31 AUGUST 2016 

Since Tell MAMA was founded in 2011, it has become clear, through the numbers of people reporting their experiences of anti-Muslim abuse to us, that visible Muslim women are most affected.

We at Tell MAMA saw this after the large spikes in anti-Muslim hate reported to us after the brutal murder of Lee Rigby, after the Rotherham grooming scandals, post Charlie Hebdo, the Tunisian beach massacre in mid-2015 and after the Paris terrorist murders in late 2015. Yet, one of the largest spikes we have seen in the last 4 years was immediately after the Brexit vote and, once again, visible Muslim women were the ones targeted at a street level. More worryingly, we found that the perpetrator demographic base had changed in 2015 and included a much younger age demographic, with perpetrators clustered in the 13-18-year-old age bracket. This had dramatically changed from a 15-35 demographic age group between 2011-2014, yet white males were still predominantly involved.

Which brings us to a key point which must be stressed. Anti-Muslim hate at a street level overwhelmingly involves the victims being visible Muslim women and perpetrators predominantly being white males. There are gender, racial and anti-Muslim elements that all play a role in the targeting of Muslim women in public and should therefore also be seen as gender abuse, as well as racial and religious abuse. This is important to stress and is unique to anti-Muslim prejudice at a street level. Allied to this, we find that at an online level, Muslim women who are wearing Hijabs (or religious headscarves) in their avatars are targeted for misogynistic and vile anti-Muslim and sexual abuse, as though the perpetrator believes that humiliating them sexually will also impact on their sense of religiosity. So, online and offline, Muslim women are the main targets of anti-Muslim bigotry.

So how does the decision to exit the EU impact on the future of Muslim women and on anti-Muslim hate incidents and crimes? Well, the United Kingdom has one of the strongest legal frameworks to tackle hate incidents in Europe, much of which has been shaped since the racist murder of Stephen Lawrence. Yet, being part of a common European framework also allowed the UK to be part of a joint collective of work with social media companies on tackling hate speech online, and ensuring that EU directives on enforcing the removal of illegal speech were being met. It also needs to be stated that being in the EU and having a voice in its structures meant that common sense positions around the burkini debate were re-enforced by UK representatives on the grounds of human rights and civil liberties. This at a time when countries like France react in the face of extremism and provocation.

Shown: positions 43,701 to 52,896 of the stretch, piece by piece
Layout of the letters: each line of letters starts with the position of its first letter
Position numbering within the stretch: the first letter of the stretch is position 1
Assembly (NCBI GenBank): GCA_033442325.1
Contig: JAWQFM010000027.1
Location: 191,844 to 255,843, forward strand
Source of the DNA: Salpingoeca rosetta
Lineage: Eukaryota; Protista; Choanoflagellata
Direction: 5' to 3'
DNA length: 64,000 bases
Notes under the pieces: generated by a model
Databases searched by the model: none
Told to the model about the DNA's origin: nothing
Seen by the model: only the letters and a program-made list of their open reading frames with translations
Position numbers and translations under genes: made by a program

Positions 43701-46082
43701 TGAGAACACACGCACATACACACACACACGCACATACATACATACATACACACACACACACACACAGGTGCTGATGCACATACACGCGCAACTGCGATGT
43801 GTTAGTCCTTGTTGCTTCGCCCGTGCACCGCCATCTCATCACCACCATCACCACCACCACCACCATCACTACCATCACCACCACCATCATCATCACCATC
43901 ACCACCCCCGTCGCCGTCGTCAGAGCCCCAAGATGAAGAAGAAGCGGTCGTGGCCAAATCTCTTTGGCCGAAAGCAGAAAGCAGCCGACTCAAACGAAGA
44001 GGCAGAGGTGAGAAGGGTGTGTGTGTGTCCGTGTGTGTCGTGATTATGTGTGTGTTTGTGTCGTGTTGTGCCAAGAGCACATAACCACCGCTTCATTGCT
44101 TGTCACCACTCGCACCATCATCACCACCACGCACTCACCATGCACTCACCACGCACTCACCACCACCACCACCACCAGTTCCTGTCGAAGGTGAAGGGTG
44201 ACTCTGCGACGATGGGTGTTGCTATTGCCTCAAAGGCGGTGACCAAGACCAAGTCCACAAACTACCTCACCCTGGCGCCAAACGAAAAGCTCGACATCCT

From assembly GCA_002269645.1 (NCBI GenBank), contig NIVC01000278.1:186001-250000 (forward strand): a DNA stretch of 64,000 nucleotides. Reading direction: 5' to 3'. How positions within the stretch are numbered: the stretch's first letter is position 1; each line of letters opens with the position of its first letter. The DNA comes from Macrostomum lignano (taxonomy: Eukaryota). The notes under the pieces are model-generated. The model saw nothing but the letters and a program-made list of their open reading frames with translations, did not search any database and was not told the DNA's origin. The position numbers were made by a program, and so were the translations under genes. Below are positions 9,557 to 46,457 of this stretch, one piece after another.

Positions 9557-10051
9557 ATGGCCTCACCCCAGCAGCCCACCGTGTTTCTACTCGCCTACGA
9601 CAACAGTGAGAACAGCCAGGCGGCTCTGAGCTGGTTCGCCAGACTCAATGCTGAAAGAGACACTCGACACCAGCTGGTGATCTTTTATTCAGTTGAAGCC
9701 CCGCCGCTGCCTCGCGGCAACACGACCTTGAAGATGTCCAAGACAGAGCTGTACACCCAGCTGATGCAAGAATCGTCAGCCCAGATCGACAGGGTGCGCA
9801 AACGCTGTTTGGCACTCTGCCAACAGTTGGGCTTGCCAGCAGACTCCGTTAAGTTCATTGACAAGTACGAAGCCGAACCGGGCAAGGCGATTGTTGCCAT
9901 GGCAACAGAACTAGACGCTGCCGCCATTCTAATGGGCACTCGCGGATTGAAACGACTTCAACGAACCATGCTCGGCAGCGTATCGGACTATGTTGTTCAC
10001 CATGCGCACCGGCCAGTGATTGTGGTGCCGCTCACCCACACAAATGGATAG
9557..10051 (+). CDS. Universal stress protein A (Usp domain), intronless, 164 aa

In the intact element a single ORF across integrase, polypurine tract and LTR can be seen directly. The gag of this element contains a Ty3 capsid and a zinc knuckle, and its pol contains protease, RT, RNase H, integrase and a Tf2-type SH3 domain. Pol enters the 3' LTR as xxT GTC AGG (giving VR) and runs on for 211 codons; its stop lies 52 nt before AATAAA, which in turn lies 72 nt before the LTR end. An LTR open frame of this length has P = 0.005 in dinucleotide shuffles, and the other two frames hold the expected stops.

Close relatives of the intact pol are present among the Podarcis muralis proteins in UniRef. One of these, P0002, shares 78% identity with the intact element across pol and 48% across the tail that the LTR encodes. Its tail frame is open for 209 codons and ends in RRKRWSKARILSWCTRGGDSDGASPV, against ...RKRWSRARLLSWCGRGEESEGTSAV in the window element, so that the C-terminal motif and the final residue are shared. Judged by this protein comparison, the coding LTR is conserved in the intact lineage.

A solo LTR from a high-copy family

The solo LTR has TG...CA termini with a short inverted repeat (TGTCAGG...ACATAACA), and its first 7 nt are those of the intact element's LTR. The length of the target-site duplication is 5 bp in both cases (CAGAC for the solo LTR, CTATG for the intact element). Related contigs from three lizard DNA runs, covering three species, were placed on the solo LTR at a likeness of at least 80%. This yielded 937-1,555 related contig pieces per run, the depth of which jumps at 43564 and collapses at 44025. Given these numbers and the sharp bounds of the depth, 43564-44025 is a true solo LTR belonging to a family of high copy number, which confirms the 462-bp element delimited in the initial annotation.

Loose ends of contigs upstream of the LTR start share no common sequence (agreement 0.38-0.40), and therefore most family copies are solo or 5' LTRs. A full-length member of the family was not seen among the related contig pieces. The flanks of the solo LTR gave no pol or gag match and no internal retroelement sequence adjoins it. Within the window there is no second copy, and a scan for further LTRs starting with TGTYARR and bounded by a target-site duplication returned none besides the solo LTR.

In other words, joint EU work on tackling hate speech is an area that the UK will not be involved in when Brexit takes place, and the UK’s voice will be a solitary one in calls against major global companies like Facebook, Twitter and Google. The question we can ask is which is a stronger position: being part of a family of nations speaking collectively on these issues, or being a solitary voice speaking against major global companies? Only time will tell, though whatever the future holds, one thing is for certain. Muslim women are the ones being affected by the rise of anti-Muslim hatred and we need to ensure that this trend is challenged. This is why campaigns like #FaceHerFuture are so important and need supporting.

tell mama logoABOUT AUTHOR 

Iman is Deputy Director at Faith Matters and currently leads on the Tell MAMA (Measuring Anti-Muslim Attacks) programme, which supports victims of anti-Muslim hate across the UK and undertakes advocacy on anti-Muslim prejudice at government and media levels.